Perfect pairings: How to match pasta shapes to sauces

  • By
    BBC Good Food team

Choosing a pasta shape to suit the nature of your sauce makes a big difference to the finished dish. Do it the Italian way with help from our guide to expert pairings and how to cook your pasta to perfection.

Ragu

While spaghetti Bolognese is one of the world's most well-known pasta dishes, it is fundamentally inauthentic. Italian cooks would seldom serve a thick, saucy ragu with thin pasta ribbons - they're far more likely to team such a sauce with large shells or tubes to capture the sauce, or thicker long pasta, like tagliatelle and pappardelle. 

Generally, the larger shapes work better with thick, robust sauces, while skinny shapes, like strands of delicate vermicelli, suit light, cream sauces. Follow our suggestions of what shape to combine with what accompaniment - and share your own ideas with us below. 

 

Pasta shapeSuch as...Serve with...
Long and skinnySpaghetti, linguine, fusilli lunghi, vermicelli

Light seafood sauces, cream- or oil-based sauces.

 

Long ribbonsTagliatelle, pappardelle, fettuccine, mafaldineRich, meaty sauces.
ShellsConchiglie, lumacheHeavy cream or meat sauces; large ones can be stuffed
TwistsFusilli, trofie, strozzapreti, caserecce, gemelliLighter, smoother sauces which will cling to the twists, such as pesto
TubesPenne, rigatoni, macaroni, paccheriHearty vegetable sauces, or baked cheese dishes. Also good with Bolognese or ragu. 
Mini shapesOrzo, fregola, canestrini, stellineIn soups and stews or as pasta salads. 
Filled pastaRavioli, tortellini, cappellettiAs the filling contains lots of flavour, these are traditionally served with a light butter or oil sauce. 

Top cooking tips

Pasta in pan• Always cook pasta in a very large pan of salted, boiling water. If you don’t give the pasta enough space to move in the pan, it will stick together. Italians say the water should be as salty as the sea to flavour the pasta.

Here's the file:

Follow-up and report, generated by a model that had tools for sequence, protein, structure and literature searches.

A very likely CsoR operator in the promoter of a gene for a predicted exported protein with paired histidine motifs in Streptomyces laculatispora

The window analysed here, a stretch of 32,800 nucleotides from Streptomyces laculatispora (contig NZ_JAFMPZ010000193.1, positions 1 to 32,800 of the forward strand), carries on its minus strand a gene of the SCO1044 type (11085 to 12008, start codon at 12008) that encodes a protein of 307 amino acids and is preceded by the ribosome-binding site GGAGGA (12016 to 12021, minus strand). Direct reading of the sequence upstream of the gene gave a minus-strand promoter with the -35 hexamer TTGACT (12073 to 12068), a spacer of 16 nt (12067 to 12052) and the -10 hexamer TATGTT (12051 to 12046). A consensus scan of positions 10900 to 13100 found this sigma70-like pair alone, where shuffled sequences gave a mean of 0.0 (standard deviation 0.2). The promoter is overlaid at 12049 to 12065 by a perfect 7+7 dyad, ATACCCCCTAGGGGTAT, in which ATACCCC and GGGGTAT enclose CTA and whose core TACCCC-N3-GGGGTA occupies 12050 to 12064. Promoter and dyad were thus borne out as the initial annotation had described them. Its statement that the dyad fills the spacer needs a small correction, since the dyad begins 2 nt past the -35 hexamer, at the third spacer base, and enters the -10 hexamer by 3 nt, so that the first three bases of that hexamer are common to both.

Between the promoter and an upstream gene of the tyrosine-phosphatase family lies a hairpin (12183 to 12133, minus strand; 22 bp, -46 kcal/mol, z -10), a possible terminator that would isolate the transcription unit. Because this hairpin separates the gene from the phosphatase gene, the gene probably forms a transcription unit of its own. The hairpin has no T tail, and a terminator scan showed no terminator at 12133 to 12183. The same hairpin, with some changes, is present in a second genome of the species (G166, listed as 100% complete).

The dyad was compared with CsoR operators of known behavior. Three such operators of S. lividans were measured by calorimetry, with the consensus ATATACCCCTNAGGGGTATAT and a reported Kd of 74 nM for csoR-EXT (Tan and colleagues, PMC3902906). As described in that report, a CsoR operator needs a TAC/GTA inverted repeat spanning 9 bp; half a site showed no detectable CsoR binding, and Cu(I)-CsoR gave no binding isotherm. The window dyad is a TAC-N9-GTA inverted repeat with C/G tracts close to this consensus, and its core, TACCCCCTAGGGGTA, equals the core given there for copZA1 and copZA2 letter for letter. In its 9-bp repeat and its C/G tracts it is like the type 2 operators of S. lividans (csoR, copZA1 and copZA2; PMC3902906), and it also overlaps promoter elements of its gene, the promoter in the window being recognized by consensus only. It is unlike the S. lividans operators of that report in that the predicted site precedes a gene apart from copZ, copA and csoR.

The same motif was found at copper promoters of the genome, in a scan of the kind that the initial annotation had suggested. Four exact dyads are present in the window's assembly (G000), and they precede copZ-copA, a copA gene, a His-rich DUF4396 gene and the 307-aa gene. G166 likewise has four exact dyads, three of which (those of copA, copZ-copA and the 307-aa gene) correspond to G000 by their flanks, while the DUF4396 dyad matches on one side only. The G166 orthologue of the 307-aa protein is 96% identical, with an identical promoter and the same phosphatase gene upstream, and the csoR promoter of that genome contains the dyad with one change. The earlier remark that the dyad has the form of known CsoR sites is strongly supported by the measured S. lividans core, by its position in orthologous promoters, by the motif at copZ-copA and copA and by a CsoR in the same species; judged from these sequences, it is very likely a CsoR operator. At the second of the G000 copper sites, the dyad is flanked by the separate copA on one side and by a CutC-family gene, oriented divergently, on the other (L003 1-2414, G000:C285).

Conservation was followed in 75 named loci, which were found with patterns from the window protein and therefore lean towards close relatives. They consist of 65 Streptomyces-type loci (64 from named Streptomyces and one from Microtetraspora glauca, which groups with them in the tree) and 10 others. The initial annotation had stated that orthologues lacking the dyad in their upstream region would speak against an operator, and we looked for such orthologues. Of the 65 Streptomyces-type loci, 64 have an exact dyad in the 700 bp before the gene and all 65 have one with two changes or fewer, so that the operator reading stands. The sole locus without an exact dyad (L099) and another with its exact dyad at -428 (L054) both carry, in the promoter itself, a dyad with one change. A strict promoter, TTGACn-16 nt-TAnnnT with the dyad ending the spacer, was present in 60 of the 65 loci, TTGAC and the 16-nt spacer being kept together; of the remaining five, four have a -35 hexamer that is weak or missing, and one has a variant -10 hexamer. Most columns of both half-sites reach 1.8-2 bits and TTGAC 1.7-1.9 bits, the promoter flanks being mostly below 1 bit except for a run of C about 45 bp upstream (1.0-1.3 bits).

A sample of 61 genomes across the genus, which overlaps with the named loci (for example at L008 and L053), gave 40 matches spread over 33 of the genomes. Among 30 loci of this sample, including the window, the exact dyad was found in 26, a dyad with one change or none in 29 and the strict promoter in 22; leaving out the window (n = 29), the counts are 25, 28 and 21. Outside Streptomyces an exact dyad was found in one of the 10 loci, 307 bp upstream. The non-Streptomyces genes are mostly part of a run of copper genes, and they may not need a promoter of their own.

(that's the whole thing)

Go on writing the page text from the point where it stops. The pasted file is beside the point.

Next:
There is no need to add olive oil to your pasta when cooking. It won’t prevent it from sticking together, and will just end up down the drain.

The classic British version of spag bol usually consists of cooked spaghetti topped with saucy mince, but in Italy, the pasta and sauce are always combined in the pan to ensure every piece of pasta is coated.

Pasta cookedDon’t cook the pasta all the way through in the water. Instead, drain it when it still has a little bite, then add to the sauce and continue cooking for a few minutes more until the pasta is cooked and has absorbed a little of the sauce.

When draining the pasta, make sure you save a cup of the pasta water. Then, when you add the pasta to the sauce, splash in a little of the water if it looks too dry. The starch in the water will help the sauce cling to the pasta.

What are your top pasta tips? Share your thoughts with us below... We also have plenty of pasta recipes to get you inspired, plus a guide to the pasta shapes of Italy.

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suecable's picture

Having lived in Italy for the past 20 years and married an Italian, I can absolutely vouch for these tips. I've gone from being a total Philistine to appreciating the finesse of pasta shape combined with type of sauce! To me pasta was pasta, but I have to admit that I have seen the light! The real secret is using a biiiig pan to cook the pasta in - make sure the water is boiling before you add the pasta, throw it in, salt (coarse, not table), lid on to get the water back to the boil, then time as per packet, minus 1 min and taste for personal preference... It's true that we tend to drain the pasta, put it back in the pan, add a ladle of sauce and let it bubble up, then serve with another ladle of sauce on top... Buon Appetito!

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